May 2009: Flash Presents: Mercury Falling (Todd Dezago, Ethan Van Sciver) will collect Impulse #62-67. That covers the 5-issue story arc itself as well as the one-issue epilogue guest-starring the Justice League, Justice Society and Young Justice.
June 2009: Flash: The Human Race (Grant Morrison, Mark Millar, Paul Ryan, Pop Mhan) will collect Flash v.2 #136-141 and a story from Secret Origins #50. The Flash issues cover both “The Human Race” and “The Black Flash.”
The Secret Origins story is undoubtedly the retelling of the classic “Flash of Two Worlds,” (Flash v.1 #123) in which Grant Morrison figured out how to incorporate the parallel-world story into a single-world setting. Unless I’ve forgotten something, this volume and Flash: Emergency Stop will cover all of Grant Morrison’s Flash solo work.
It also lists the Final Crisis hardcover coming out in June, along with the Final Crisis Companion trade paperback, which includes all the FC one-shots (including Superman: Beyond, which started as a one-shot that just got too long.) No word yet on when Final Crisis: Rogues’ Revenge will be collected, but there are supposed to be more summer 2009 announcements later this week.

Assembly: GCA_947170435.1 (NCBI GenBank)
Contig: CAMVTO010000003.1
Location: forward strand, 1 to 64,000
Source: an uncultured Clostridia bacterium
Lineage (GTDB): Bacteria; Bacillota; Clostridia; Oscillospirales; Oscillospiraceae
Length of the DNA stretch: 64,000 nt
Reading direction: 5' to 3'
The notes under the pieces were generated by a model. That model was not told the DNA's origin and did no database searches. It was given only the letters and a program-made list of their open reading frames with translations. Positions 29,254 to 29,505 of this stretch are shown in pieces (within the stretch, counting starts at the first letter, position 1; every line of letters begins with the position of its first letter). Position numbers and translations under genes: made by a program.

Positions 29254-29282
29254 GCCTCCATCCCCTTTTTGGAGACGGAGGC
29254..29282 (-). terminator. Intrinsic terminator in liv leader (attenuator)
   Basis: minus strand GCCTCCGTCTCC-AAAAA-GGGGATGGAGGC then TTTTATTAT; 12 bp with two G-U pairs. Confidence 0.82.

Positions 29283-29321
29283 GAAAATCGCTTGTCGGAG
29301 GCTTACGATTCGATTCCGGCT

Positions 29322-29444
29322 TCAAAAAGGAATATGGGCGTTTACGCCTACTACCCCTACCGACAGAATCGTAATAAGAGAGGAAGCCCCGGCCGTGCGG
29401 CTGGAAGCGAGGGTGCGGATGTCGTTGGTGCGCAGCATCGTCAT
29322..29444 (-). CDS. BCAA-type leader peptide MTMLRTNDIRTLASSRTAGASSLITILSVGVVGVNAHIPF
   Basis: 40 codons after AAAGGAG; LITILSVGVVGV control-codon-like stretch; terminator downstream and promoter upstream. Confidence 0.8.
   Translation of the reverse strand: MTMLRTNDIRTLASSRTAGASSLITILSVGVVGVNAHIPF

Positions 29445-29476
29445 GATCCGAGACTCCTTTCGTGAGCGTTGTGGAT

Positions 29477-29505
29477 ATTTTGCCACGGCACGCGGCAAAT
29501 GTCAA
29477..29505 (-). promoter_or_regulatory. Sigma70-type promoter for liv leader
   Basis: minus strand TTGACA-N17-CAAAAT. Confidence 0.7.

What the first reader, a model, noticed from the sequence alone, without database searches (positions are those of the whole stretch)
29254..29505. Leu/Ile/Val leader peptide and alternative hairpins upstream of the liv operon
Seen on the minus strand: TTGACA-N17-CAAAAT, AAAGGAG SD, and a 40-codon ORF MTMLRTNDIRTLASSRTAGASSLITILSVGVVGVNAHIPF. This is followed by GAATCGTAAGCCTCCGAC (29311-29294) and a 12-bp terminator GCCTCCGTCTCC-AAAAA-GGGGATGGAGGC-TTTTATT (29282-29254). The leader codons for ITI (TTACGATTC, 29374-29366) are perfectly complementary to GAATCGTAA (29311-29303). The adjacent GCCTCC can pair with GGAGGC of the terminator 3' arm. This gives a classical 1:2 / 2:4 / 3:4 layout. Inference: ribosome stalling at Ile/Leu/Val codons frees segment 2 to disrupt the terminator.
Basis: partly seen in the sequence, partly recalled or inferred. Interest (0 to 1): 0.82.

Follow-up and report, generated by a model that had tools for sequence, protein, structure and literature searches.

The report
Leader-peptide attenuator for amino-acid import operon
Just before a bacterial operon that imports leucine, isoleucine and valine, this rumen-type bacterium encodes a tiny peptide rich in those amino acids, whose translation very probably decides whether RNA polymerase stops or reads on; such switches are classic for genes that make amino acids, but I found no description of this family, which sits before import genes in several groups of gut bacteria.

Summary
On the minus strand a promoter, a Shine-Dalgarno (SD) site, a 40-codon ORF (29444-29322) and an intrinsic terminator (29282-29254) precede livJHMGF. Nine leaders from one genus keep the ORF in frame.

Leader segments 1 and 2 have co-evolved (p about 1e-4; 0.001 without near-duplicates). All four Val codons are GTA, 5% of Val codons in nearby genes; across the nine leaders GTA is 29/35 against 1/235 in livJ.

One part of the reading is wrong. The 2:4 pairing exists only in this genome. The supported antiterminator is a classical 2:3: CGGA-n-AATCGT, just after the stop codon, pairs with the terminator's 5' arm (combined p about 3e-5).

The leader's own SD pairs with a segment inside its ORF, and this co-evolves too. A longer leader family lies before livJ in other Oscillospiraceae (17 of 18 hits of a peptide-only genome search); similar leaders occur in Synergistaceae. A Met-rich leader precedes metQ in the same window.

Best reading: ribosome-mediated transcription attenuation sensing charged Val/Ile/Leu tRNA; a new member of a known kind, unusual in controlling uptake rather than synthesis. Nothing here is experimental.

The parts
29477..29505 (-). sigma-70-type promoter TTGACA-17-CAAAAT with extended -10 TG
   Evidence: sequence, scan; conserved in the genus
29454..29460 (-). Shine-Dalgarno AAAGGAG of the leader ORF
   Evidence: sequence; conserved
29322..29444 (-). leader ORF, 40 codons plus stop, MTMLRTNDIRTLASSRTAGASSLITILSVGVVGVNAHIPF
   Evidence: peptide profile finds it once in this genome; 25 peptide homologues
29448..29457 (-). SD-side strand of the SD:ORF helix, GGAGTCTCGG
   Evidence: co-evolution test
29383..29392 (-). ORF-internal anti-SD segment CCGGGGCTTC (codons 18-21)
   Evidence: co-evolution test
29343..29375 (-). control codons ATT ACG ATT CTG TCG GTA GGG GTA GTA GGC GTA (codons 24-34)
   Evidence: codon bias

October 28, 2008
More Flash news from Collected Editions: Fall 2009 will also see the release of the trade paperback, Flash: The Human Race. No doubt this will collect Flash #136-141, containing “The Human Race” (Grant Morrison & Mark Millar, with art by Paul Ryan & John Nyberg) and “The Black Flash,” (Mark Millar with art by Pop Mhan & Chris Ivy), rounding out the Morrison/Millar run on The Flash starts with January’s release of The Flash: Emergency Stop.